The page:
Bucharest Romania

I flew to Bucharest Romania via Frankfurt from the Narita International Airport. It is a beginning of trip to Romania.

Frankfurt Airport, From Frankfurt flight to Bucharest and Arrived at Bucharest International Airport.

Henri Coandă International Airport Bucharest

Henri Coandă International Airport is the busiest international airport, located in Otopeni, 16.5 km north of Bucharest’s city centre. The airport is named after Romanian flight pioneer Henri Coandă, builder of Coandă-1910 (Motor jet engine) aircraft.

I took a taxi going to the booked hotel on the street of Vitan-Bârzeşti Bucharest.

RIN Grand Hotel Bucharest and its Lobby

Bucharest is the capital and largest city of Romania, as well as its cultural, industrial, and financial centre. It has a population 1,883,425 in 2011.

The next day, I will take a tour in the city of Bucharest and head for Brasov.

Hotel Grand Rin and State Park (Delta Vacaresti) Bucharest

I did not notice last night, but the next day there was a state park (Delta Vacaresti) spreading in front of the hotel. It was really beautiful. After this I am going to the famous big house, Parliament House Bucharest.

From the hotel Rin Grand, going to Palace of Parliamen. Former Central Committee of the Communist Party. Revolution Square. Kretzulescu Orthodox Church. National Museum of Art in Bucharest.

The Palace of the Parliament also known the People’s House is the seat of the Parliament of Romania. Located on Dealul Arsenalului (Spirii Hill) in central Bucharest, it is the largest administrative building in the world.

We arrived in front of the Parliament House.

 In the 1980’s, Nicolae Ceauşescu, then president, was created as “Palace”. The colossal parliament building known for its ornate interior composed of 23 sections, it houses the Senate and the Chamber of Deputies, three museums and an international conference center.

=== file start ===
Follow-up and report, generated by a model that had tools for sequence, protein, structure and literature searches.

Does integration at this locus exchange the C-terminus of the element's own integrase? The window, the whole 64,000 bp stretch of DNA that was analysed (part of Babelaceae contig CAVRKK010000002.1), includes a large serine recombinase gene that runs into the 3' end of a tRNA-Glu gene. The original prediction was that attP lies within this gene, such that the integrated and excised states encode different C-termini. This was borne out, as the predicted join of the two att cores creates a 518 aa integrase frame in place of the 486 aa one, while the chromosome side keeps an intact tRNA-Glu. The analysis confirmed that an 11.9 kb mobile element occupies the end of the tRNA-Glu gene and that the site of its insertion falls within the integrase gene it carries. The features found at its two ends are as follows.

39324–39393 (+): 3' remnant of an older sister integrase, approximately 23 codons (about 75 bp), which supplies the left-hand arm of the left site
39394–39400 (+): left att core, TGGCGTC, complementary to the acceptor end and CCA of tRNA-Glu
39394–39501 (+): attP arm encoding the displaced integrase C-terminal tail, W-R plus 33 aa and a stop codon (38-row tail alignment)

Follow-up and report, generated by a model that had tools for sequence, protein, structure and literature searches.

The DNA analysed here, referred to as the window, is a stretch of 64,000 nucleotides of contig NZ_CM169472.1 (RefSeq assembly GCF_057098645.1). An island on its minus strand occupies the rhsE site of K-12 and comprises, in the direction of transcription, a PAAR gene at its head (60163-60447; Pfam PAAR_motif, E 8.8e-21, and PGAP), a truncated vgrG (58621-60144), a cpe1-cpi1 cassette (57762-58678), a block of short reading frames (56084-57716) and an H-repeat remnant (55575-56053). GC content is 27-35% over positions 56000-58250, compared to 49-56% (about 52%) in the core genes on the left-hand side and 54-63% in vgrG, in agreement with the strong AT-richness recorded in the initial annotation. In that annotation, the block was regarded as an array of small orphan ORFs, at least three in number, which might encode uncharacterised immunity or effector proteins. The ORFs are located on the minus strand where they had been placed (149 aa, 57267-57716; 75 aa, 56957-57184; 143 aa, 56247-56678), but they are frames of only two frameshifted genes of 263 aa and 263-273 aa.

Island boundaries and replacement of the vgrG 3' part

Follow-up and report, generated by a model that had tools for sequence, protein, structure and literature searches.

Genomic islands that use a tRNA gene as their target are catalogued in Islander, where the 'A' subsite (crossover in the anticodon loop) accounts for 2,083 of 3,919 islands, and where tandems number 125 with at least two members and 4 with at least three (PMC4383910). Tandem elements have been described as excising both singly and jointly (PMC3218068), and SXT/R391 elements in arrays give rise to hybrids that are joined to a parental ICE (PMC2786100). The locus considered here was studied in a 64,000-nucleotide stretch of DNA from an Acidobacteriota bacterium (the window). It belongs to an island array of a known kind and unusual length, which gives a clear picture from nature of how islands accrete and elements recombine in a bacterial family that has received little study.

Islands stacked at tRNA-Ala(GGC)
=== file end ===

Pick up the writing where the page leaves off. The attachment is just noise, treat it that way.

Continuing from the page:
The inside of the most luxurious Palace of the Parliament Rumania

Decorated luxuriously halls and some of the buildings such as corridors are open to the public for a fee. The reason why only a limited number of rooms can be opened is because the number of rooms currently exceeds 3,000, which is too large to manage.

The interior of the palace is all made of marble, up to the floor, ceiling, pillars and stairs.

Ceausescu was executed on January 7, 1990 in Romania before the palace was completed.

Constitution Square and Unirii Boulevard, view from the balcony of Parliament House.

 Left the Parliament Palace, we are walking to the Metropolitan Church. It will take about 20 minutes.

On the way to the Metropolitan Church; Antim Monastery. Money transfer, Smith & Smith. Area Military Center. College of Legal Advisers Bucharest

The approach to Metropolitan Church.

We arrived at the Patriarchal Cathedral (Metropolitan Church) in Bucharest.

The Metropolitan Church, also known as the Orthodox Patriarchal Cathedral is a functioning religious and civic landmark, located on the hill called Dealul Mitropoliei, in Bucharest, Romania. The structure was begun in 1654 and completed in 1658 under the orders of the Wallachian prince, Serban Basarb.

Main alter of the Cathedral

Frescoes and mosaics, interior of the Cathedral.

Left the cathedral, took pictures, we are going to the Triumphal Arch (Arcul de Triumfin Romanian). It will take about ten minutes by car.

Bell Tower of the Cathedral

Arrived at the Arc de Triomphe.

The triumphal arch is located on the Kiseleff Street in the northern part of the city of Bucharest. The first wooden triumphal arch was built after Romania gained its independence (1878). Another temporary arch was built on the same site, in 1922, after World War I, which was demolished in 1935 to make way for the current triumphal arch, which was inaugurated in September 1936.

Arcul de Triumf; After taking this picture, I will leave Bucharest.

I have heard that Bucharest is dangerous, so I am not going to stay long in this town. I will go to Brasov from now on.

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